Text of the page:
Camp for Your Special Needs Child
Camp is a fun part of summer for thousands of children each year. But what about your special needs child? Will he miss out on experiencing camp? He doesn't have to. With all the new camps that have sprung up recently, children who previously couldn't attend now may. Camps range from those designed specifically for certain special needs such as asthma, cancer, or ADHD to traditional camps that accommodate children with some special needs. It takes thought and research to find the camp that is best for your special needs child.
Benefits of Camp
Camp benefits all children. The positive outcomes for children with special needs are much the same as for other children, but often go beyond those.
The chance to try new experiences. Things that aren't possible for your child to do at home may be available at camp. Swimming, horseback riding, canoeing, fishing and group games are adapted so that all children can take part. There are also crafts, campfires, and social activities. For children with physical, mental, and behavior problems, camp is an ideal setting to try new things.
The opportunity to be around children with the same challenges. Your child might be singled out as the only one in a wheelchair at school but will fit in with others at camp. She'll talk to other children who've been teased for being different. Your child with cancer can share his fears with campers who are facing or have overcome the same.
Your child will make friends who can become penpals either through U.S. mail or by e-mail. Or perhaps they can talk into a tape player and send tapes back and forth to stay in touch.
Increased independence and confidence. Camps have modifications so that children can be as mobile and independent as possible. Children with physical, mental, and behavioral difficulties find freedom at camp that they don't experience elsewhere. Counselors are trained to give help when needed and to encourage campers to do as much as possible for themselves. With more independence comes improved self-esteem and confidence.
Learning from peers. Your child may learn coping skills and different ways to do things from children who share his challenges. He'll see what other children are capable of doing and try to do more for himself.
Increased physical activity. At home your child might find it easier to watch television than be active. Helping your child be active might be draining for you also. At camp your child will take part in adapted swimming, hiking (if mobile), horseback riding, sports, and group games.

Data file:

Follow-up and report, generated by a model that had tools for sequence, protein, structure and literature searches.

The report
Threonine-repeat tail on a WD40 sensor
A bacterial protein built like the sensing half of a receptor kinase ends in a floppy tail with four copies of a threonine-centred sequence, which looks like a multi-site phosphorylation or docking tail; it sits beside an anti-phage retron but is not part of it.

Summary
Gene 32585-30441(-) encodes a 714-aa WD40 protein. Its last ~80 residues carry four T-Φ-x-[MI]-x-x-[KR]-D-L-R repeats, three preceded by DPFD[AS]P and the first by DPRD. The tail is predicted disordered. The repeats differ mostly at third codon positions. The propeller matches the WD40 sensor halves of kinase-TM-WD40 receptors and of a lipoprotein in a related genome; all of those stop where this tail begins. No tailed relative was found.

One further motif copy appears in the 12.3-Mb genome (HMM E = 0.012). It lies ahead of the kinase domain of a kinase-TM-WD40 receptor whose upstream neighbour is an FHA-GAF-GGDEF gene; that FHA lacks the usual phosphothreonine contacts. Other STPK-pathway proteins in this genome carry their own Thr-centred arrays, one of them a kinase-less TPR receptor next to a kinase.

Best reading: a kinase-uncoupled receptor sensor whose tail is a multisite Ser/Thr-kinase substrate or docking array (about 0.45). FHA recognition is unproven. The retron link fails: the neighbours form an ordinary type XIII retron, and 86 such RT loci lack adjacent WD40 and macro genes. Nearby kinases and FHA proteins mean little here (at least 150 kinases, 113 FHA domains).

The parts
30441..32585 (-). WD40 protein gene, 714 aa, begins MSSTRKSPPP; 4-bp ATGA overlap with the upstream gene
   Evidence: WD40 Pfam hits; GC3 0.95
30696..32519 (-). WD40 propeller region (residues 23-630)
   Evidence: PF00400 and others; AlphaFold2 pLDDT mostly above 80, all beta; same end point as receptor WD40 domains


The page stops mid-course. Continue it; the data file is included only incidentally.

It gives you time to spend alone or to give extra attention to siblings. You can do activities that you ignore because your special needs child can't participate.
Finding the Right Camp
There are many things to consider when choosing a camp for your child. Here are some things to consider and do:
Start early! Try to make your final decision in March. Many camps hold open houses during the spring months. Many camps will fill up in early spring and you may be on a long waiting list.
Make a list of your child's needs. Before searching for a camp, consider your child's needs. Make a list of special accommodations and services your child requires. Does he need injections that must be given by a trained medical person? Does she have a special diet? Does he sleep on a special kind of bed?
List your expectations. What do you want the camp to do for your child? Allow activities within a structured environment? Provide new experiences? Do you hope for increased independence?
Consider your child's desires. Your child will do better if he helps with decision making. Does he want to go to camp? What kind of camp? What activities does he hope for?
Decide on duration, location, and cost. Consider what you want. Do you want your child to stay a week? Longer? How far away? What if the best camp for your child is in another state or across the country? How much can you pay? The cost of a special needs camp can be as high as $5,000 for a 2-3 week session. Check with local organizations for sponsorships or scholarships.